Contemporary artist Phương Linh and fashion designer Diego Cortizas talk about their collaboration and fashion show.
Chula’s headquarters on the shore of West Lake is dripping with elegant clothing, embellished with traditional Vietnamese details. Sitting in the altar room you catch movements of seamstresses across the courtyard in your peripherals. Here Diego Cortizas, half of the internationally renowned fashion line Chula, and Nhà Sàn artist Phương Linh converse about their decision to work together, the symbolism in their clothes, and the relationship of art and fashion.
Phương Linh: First we didn’t really know how to work together. We sat down and had a drink and just talked. I had the idea of making my clothes with the title Hell. Hell and Heaven. The culture of death. And you came up with a very nice idea, which fit mine, because you have your own death culture in Spain. So finally it just popped and it felt like we should work together.
Diego Cortizas: Yes. You had the idea of using the strong symbolism of death and I use the idea of heaven and hell in western culture. Not just in a tragic way, but with a sense of humor.
Phương Linh: My inspiration came from living with my father who is an antique collector. He has a collection of minority paintings all painted for the altar, for praying, and they’re all about death. I was very impressed with those details and I thought, they should be combined with pop culture because those drawings can be very striking … vivid. So it’s not just about death, but also the culture of the living…
Diego Cortizas: I think that’s what we were talking about – how death is reflected in the culture of the living. Especially in Latin America with all their festivals of the dead, they are not afraid of the dead. In some ways this prepares you for death. I know that my life will be fifty years or forty more years, I am not going to be here forever. I think in western culture we use symbols to not take death too seriously.
But I feel here in the eastern culture there are clearer steps to understand death. In the west there’s heaven and hell, but in eastern cultures there are more layers.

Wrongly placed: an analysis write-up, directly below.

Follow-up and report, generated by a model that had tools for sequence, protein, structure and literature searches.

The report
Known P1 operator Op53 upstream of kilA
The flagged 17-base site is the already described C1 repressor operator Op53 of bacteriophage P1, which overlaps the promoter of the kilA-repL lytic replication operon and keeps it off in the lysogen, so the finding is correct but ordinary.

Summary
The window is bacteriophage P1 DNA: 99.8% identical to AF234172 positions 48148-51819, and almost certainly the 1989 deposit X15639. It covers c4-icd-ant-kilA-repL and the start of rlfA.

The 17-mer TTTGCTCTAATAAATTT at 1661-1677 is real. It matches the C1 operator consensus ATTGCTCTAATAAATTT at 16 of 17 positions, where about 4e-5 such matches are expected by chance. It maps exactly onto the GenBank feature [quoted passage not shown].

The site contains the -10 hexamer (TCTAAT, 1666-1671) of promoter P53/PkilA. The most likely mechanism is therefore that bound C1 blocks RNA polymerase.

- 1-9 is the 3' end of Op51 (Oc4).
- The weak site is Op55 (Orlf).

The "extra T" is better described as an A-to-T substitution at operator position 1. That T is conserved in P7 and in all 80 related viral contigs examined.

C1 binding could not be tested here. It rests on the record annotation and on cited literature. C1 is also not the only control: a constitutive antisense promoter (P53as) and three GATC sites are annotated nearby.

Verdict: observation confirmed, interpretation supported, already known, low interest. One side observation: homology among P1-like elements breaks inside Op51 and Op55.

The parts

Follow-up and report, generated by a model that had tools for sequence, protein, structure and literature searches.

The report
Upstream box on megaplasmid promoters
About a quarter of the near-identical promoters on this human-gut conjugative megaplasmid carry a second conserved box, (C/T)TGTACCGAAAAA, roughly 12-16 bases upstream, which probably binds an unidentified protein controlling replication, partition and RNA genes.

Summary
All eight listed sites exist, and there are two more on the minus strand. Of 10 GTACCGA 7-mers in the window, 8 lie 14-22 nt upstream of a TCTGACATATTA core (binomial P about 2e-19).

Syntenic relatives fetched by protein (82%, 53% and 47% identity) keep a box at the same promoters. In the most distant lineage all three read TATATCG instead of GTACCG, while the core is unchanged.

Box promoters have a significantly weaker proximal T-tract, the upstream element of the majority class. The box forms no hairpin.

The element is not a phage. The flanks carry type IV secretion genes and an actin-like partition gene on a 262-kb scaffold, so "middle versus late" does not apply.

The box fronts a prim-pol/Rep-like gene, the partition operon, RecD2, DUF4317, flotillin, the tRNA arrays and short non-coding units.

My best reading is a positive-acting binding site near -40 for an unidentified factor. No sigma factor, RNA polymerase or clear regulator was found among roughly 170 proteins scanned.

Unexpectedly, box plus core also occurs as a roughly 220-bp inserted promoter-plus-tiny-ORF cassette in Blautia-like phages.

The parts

TRANSITIONING FROM ART INTO FASHION
Diego Cortizas: I studied architecture before I moved to fashion design and I really like fashion design more. How is that for you? You’re not making installations for this, but instead dresses you can wear in the street…
Phương Linh: I want to try to make some money out of it, because I haven’t made any money from visual work in the experimental art field. But fashion production is a lot of work. All the details take so much time. and I don’t know if after the show will I still have the energy to continue with fashion.
Diego Cortizas: I think it’s easier to make money in fashion than in art. The market for art is too little, especially in Vietnam. But there is the chance that you lose a bit of your independence. An artist is very independent and a fashion designer is not.
Fashion is still a status symbol for many people. Its value is not artistic, but it’s a statement of, I’m cool, I have more money. The younger generation likes the status symbol of fashion. But fashion is special and I think it’s more than money. I think it’s really powerful. Fashion in some ways is like a performance because it’s something that happens. It’s something that is flat like a painting but gets life when you wear it.
DECIDING TO WORK TOGETHER
Diego Cortizas: We met five years ago. We have some friends in common and of course I know the Nhà Sàn [Collective], as one of the most important places for art. I started to go to Nhà Sàn performances and I started to see you, and the first thing I really liked was that you have a passion for fashion, which is unusual for an artist.
The fashion line we decided to design combines the tradition here in Vietnam [with the west] … there are so many religious images in Vietnam that you can translate into a tattoo or embroidery and I think it’s very interesting what you’re doing with that.
Phương Linh: (Claps and laughs) Oh thank you! That’s everything I needed to say. Your use of traditional silk clothes in combination with imagery from things like New York City and everyday objects like a tennis ball I think is so much fun… It was also Manzi’s idea. I think Manzi really loves us (laughs) and they wanted to do something with us…
Diego Cortizas: Yes, usually art galleries just have pictures or paintings, but Manzi, they offer their space for other stuff. Hanoi is a city of culture in the sense that there are many artists and inspirations, but there is a lack of places for the artists to express [themselves]. There’s still not a market for art and it’s difficult for people who run a cultural place to survive, so Manzi is doing an incredible job.
Diego Cortizas and Phương Linh’s look at eastern and western views of death and the afterlife will be showcased at Manzi on 24 August at an exclusive fashion show.